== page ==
Check out this gorgeous accessible home by Brehaut Architecture in Murray Harbour, PEI

This Murray Harbour home was designed to be fully wheelchair accessible from the entrances, to the kitchen, the bathrooms, and even storage space. It is located on a private lot overlooking Murray Islands and was designed by Brehaut Architecture. From the outset, you can see the entrance is accessible with wide, ground-level doors, and the large windows were installed relatively low in height so that wheelchair users can enjoy the spectacular view.
Brehaut was able to use universal design principles to create a fully functional space without sacrificing aesthetic appeal.
This dining table is the perfect height for a wheelchair user to be able to fit under comfortably.
The countertops in this very accessible kitchen were designed to be low enough for a wheelchair user to easily access so that prepping and cooking is not a problem, while still being a comfortable height for an able-bodied person to use while standing.
The oven and kitchen sink have a gap where a wheelchair user can slide under to use appliances.
There is slide-out shelving inside cupboards throughout the home to make it easier to access the items inside.
As well as being very spacious to allow for lots of maneuvering room, the bathroom has a mounted sink that allows a wheelchair user to sit under, and handlebars by the toilet for bathroom transfers.
When you walk into this home, you don’t think, “It’s obvious a person with a disability lives here,” you think, “Wow, what a beautiful and spacious home.” It’s a great example of how using universal design to create an accessible and inclusive space for everyone can be done in a way that is aesthetically pleasing and welcoming. Read more about universal design here.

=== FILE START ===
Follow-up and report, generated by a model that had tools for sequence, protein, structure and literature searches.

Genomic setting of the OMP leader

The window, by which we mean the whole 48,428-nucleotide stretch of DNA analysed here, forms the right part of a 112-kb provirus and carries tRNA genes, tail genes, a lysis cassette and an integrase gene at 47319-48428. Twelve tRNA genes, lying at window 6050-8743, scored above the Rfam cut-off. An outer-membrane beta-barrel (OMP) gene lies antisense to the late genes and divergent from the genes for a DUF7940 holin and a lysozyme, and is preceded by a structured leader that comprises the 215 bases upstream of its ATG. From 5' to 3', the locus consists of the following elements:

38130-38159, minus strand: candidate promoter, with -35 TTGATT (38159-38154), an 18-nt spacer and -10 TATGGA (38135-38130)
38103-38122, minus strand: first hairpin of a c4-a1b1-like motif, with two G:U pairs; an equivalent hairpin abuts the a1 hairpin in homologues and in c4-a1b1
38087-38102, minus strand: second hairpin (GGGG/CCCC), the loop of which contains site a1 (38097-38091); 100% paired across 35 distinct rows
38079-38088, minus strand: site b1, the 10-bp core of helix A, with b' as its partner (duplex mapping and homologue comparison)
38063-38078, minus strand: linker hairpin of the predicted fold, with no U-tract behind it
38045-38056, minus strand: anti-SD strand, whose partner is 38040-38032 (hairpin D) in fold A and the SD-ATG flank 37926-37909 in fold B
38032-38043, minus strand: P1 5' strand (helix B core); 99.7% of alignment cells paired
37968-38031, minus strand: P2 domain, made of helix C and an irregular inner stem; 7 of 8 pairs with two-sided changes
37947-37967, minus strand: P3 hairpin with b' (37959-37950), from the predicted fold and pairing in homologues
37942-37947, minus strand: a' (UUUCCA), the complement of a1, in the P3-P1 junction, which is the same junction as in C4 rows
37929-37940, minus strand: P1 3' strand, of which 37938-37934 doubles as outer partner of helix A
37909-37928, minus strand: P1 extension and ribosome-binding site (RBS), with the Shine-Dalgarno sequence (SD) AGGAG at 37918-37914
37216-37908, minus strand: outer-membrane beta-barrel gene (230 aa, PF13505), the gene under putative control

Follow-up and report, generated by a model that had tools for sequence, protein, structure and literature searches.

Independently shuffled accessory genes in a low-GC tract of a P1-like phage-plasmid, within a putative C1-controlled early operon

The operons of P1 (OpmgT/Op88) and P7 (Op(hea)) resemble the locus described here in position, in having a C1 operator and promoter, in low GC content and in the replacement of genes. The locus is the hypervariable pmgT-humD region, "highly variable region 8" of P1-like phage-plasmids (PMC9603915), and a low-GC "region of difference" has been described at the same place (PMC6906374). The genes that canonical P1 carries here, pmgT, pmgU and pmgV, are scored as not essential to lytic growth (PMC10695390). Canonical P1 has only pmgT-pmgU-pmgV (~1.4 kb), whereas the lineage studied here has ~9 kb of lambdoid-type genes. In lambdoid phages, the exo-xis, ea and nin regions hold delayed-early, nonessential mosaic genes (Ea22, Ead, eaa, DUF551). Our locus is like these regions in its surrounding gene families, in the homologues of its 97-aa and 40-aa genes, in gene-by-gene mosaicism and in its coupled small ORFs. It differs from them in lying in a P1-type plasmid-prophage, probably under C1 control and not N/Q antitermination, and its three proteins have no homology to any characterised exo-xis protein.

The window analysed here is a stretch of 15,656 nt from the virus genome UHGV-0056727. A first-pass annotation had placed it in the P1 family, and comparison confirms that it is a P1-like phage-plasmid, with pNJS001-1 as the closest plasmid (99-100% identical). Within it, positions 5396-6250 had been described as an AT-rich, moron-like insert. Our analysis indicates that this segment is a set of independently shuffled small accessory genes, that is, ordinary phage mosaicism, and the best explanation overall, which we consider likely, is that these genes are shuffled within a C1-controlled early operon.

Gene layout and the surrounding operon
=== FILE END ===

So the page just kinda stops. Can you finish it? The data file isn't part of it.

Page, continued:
Unable to return to work after spinal cord injury? A career counsellor can help explore your options

Alan Stanley considers himself lucky.

After he was paralyzed in a bicycle accident in 2015, he was able to start back to work as an IT professional while he was still in rehabilitation at QEH. 

There were mixed feelings involved, Stanley said.

“You just want something, anything, to feel normal again. So because I was able to continue with the job that I had, it did bring a sense of normalcy. At the same time, there was also the feeling that things aren’t quite the same,” he said. 

“It’s like that with most things once you get back to it – that’s work, that’s cooking, that’s recreation, that’s being with friends. There’s this feeling of relief that you’re still able to do it, but also realizing it’s not going to be exactly the same as it was.”

Stanley had worked as a blacksmith for many years, but made the switch to IT early enough that he already had an established career by the time he was injured, he said.

“I was lucky in a lot of respects, in that I had a job that did not require much modification. I could use the same desk, I could use the same equipment. I didn’t have to work anywhere, where accessibility was an issue.”

For many people with spinal cord injuries, that just isn’t the case.

That’s where employment counsellors like Mark Cameron come in.

Cameron provides no-cost career counselling services through the PEI Council for Persons with Disabilities. The process involves meeting with the individual to get a sense of their interests and passions, and having them fill out online assessments to determine what their transferrable skills and work values are.

Once that’s done, Cameron provides them with an idea of what industries they can set out to explore, he said.